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NASA’s Event Horizon Telescope Captures the First Image of a Black Hole

Image+courtesy+of+www.NASA.gov.++Astronomers+take+the+first+picture+of+a+black+hole+-+although+since+even+light+escapes+a+black+hole%2C+the+image+depicts+its+shadow.
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NASA’s Event Horizon Telescope Captures the First Image of a Black Hole

Image courtesy of www.NASA.gov.  Astronomers take the first picture of a black hole - although since even light escapes a black hole, the image depicts its shadow.

Image courtesy of www.NASA.gov. Astronomers take the first picture of a black hole - although since even light escapes a black hole, the image depicts its shadow.

Image courtesy of www.NASA.gov. Astronomers take the first picture of a black hole - although since even light escapes a black hole, the image depicts its shadow.

Image courtesy of www.NASA.gov. Astronomers take the first picture of a black hole - although since even light escapes a black hole, the image depicts its shadow.

Hasita Nalluri and Rachel Lewis

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Everything, even light, is sucked into a black hole’s dense center. Thus, black holes cannot be seen. However, NASA’s Event Horizon Telescope collaboration captured the first picture of a black hole – or, rather, the shadow it makes on its surrounding cloud of gas – on April 10th, 2019.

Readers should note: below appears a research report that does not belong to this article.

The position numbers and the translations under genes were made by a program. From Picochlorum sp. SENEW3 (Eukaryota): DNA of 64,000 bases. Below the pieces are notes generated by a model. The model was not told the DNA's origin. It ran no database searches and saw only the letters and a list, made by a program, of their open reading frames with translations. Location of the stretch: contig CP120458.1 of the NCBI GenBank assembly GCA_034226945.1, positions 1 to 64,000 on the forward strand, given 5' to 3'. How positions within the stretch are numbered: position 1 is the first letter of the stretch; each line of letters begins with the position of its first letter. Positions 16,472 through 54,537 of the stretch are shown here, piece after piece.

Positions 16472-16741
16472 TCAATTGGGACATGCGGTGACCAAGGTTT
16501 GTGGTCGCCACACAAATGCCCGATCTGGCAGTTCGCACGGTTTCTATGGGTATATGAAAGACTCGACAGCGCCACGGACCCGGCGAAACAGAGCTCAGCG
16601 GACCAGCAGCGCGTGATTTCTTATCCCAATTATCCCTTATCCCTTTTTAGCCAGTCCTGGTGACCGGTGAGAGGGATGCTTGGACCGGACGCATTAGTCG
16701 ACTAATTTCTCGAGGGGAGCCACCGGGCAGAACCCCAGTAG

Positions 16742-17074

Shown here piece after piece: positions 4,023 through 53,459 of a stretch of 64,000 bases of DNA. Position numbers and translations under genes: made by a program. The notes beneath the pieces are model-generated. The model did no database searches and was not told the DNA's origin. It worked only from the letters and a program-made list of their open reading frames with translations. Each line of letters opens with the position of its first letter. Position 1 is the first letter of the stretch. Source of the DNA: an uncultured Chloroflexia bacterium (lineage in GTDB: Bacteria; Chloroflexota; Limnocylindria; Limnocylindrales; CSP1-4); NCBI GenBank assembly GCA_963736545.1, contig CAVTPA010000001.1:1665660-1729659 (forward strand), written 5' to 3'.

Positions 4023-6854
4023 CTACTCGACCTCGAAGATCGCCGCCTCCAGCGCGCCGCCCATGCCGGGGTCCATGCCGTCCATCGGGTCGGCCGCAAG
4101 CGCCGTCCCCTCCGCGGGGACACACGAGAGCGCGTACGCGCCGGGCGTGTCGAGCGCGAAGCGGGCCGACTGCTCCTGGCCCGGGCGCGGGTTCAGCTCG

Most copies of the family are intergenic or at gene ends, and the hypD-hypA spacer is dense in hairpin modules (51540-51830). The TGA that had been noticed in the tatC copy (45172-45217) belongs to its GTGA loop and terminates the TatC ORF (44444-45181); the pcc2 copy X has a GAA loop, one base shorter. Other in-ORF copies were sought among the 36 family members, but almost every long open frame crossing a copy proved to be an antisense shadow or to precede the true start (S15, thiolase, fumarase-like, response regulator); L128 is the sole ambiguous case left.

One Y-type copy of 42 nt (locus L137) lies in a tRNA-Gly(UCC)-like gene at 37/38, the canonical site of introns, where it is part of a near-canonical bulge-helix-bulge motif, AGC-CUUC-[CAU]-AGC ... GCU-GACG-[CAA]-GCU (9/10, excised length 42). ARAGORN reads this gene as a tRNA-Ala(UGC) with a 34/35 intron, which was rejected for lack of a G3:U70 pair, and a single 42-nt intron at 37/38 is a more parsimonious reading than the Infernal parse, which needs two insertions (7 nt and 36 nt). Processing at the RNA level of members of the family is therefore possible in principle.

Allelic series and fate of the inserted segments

The Event Horizon Telescope (EHT), an international collaboration of radio telescopes, released the first image of a black hole. Messier 87 (M87), is the home galaxy of this particular black hole. M87 is an elliptical galaxy 55 million light-years from Earth. The black hole is approximated to be six billion times larger than the mass of our sun.

Capturing the shadow of the black hole was very difficult. According to NASA, eight radio telescopes stationed all over Earth were needed to take the image, all operating as if they were one telescope the size of our entire planet. The director of the astrophysics division at NASA Headquarters in Washington, Paul Hertz, stated that this accomplishment was achieved decades ahead of time. Scientists had previously believed that to capture an image of a black hole, they would need one telescope the size of Earth.

There are still many unanswered questions about black holes. Why do particles surrounding black holes have such high energy levels? Where does all of the particles’ energy go when the particles fall into the black hole? With the help of this picture, many of these questions may soon have answers.

*This story is developing and will be updated as new information comes to light.

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NASA’s Event Horizon Telescope Captures the First Image of a Black Hole